Colour Organs – A tiny history.
Thursday, 15 May 2008
Alexander Wallace Rimington’s Colour Organ
With a 6-foot square frame above a standard harpsichord and 60 small windows of different coloured glass illuminated in correspondence to sound, Louis Betrand Castel’s Ocular Harpsichord must have caused quite a stir in ‘enlightened’ society as long ago as the 1740’s. The French Jesuit monk’s invention was initiated by his interest in Newton’s theory of optics resulting in a musical instrument that advocated a direct relationship between light and sound. When a key was struck a length of cord attached to a pulley lifted a specific curtain so that one of the many stained glass panes received light from a set of candles. The coloured light would be projected into the darkened recital room. The composer Telemann was so enthralled by Castel’s achievement that he composed pieces specifically for the Ocular Harpsichord. Like Messer Jobs and Gates and their personal computers, Castel dreamed of a day when every household would have one of his machines for family and social amusement and planned a factory for mass production. Sadly no working version of this contraption survived the inventor himself. For a detailed paper on Castel’s work, look no further than Maarten Franssen’s excellent write-up available in PDF format.
More than a 100 years later, non-musician and non-inventor Bainbridge Bishop published his wonderfully titled ‘A Souvenir of the Colour Organ, with some suggestions in regard to the soul of the rainbow and the harmony of light’. Published online at Fred Collopy’s RhythmicLight – it is a pamphlet outlining his theories of colour-sound relationships based on the study of rainbows and prisms. With these theories it gave descriptions of various machines similar to Castel’s harpsichord but with shutters instead of curtains. Bishop spent over 5 years refining his machines. The final product incorporated a projection screen on which the colours were diffused and reflected in accordance to the music being played. The organs could be played with light or music alone, realising a whole new, and at the same time forgotten, dimension to the game of ‘Name that tune’. It must have been considerably risky using candles as a light source in these machines and this is backed up by the fact that all of Bishop’s machines were eventually destroyed by fire!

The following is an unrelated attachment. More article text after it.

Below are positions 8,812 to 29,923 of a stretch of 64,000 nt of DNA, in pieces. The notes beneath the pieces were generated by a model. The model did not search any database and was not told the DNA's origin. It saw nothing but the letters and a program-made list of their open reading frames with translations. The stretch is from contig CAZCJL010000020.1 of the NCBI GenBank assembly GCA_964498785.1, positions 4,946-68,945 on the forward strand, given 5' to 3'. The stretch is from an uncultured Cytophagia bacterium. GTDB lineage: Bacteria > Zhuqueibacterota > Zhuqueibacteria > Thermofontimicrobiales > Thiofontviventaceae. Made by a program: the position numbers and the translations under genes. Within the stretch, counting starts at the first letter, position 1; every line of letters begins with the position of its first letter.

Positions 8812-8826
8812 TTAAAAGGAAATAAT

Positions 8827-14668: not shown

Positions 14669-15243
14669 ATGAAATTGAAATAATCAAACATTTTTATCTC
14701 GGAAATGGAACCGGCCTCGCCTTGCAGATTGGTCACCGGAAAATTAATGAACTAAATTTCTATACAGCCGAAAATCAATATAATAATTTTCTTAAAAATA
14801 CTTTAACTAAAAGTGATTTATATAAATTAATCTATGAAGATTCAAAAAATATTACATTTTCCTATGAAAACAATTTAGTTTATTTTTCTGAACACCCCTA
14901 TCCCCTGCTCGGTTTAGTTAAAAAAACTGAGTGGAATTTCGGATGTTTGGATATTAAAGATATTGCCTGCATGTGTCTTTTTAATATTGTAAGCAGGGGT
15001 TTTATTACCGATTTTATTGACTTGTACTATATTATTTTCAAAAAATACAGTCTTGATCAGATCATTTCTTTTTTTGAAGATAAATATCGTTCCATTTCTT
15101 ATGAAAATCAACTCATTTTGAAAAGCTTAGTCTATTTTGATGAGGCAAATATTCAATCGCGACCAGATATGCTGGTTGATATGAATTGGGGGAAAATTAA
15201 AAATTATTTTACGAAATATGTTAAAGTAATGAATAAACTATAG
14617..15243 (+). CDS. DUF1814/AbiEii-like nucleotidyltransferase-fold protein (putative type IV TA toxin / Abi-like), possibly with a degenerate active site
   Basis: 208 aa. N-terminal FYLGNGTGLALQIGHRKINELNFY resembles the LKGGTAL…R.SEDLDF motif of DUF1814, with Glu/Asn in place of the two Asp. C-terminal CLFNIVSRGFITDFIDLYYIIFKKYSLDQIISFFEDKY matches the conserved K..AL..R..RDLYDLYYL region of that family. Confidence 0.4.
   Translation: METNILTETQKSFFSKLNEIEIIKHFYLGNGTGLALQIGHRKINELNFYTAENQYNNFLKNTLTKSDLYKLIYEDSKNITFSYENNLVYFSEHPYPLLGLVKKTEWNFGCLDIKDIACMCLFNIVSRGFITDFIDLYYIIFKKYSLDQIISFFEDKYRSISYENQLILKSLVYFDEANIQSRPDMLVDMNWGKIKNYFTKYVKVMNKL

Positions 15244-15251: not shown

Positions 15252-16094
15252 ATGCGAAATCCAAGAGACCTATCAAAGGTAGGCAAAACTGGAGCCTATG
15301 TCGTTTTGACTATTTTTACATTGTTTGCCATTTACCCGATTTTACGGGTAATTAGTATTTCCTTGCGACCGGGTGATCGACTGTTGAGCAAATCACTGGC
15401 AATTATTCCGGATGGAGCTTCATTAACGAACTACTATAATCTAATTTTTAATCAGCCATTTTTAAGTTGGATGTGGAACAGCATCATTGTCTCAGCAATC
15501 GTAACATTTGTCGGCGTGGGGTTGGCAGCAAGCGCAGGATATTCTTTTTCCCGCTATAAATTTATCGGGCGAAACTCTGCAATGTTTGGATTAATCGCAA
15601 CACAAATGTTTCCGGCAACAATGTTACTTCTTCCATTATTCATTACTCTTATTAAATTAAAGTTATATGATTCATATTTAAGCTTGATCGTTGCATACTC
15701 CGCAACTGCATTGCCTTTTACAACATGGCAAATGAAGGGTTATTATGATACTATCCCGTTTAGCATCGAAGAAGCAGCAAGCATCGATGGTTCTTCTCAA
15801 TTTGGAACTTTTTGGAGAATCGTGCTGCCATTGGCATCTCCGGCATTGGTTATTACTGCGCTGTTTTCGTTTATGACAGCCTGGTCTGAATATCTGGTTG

Around 1885 the painter Alexander Wallace Rimington built a Colour Organ in his home, it was over 10ft high according historical notes and looked like a standard church organ. Coloured keys were arranged above a conventional keyboard, connected to a lens-and-filters system, allowing colours to be played. Various pedals changed the quality of light, allowing dissolve-like effects. Rimington went on to published ‘Colour Music: The Art of Mobile Colour’ in which he argued that the standard repertoire might be performed in colour. He subsequently expressed a wish that musicians would begin to write dual scores, one for colour and one for music. Check out A New Art: Colour-Music, a paper read by Rimington in London in 1895 and published online at Joost Rekveld’s excellent Light matters blog.
These machines were, arguably, the origins of mechanised visual music, a paradigm that is taken for granted in this age with the host of sound visualising modules incorporated in your favourite MP3 player. One of the more fascinating aspects of these inventions was how to encode sound into colour, what kinds of correspondence-scales were used and what the encoding was based upon? Whether it be leaning to something scientifically rigorous, as in Newton’s Optics, or a mapping that is purely aesthetically driven. While computation artists fiddle with their FTT Spreads and Arrays and try to make visual sense of the numbers, these questions are still pertinent today. It’s notable that each of the colour-music charts/systems used by the above mentioned inventors have many correspondences between themselves. Why is it that similar notes are often chosen to be represented by the same colour across different systems? Is there a collective synaesthetic cross-wiring system that can be mapped over and through the human’s perception of visual music?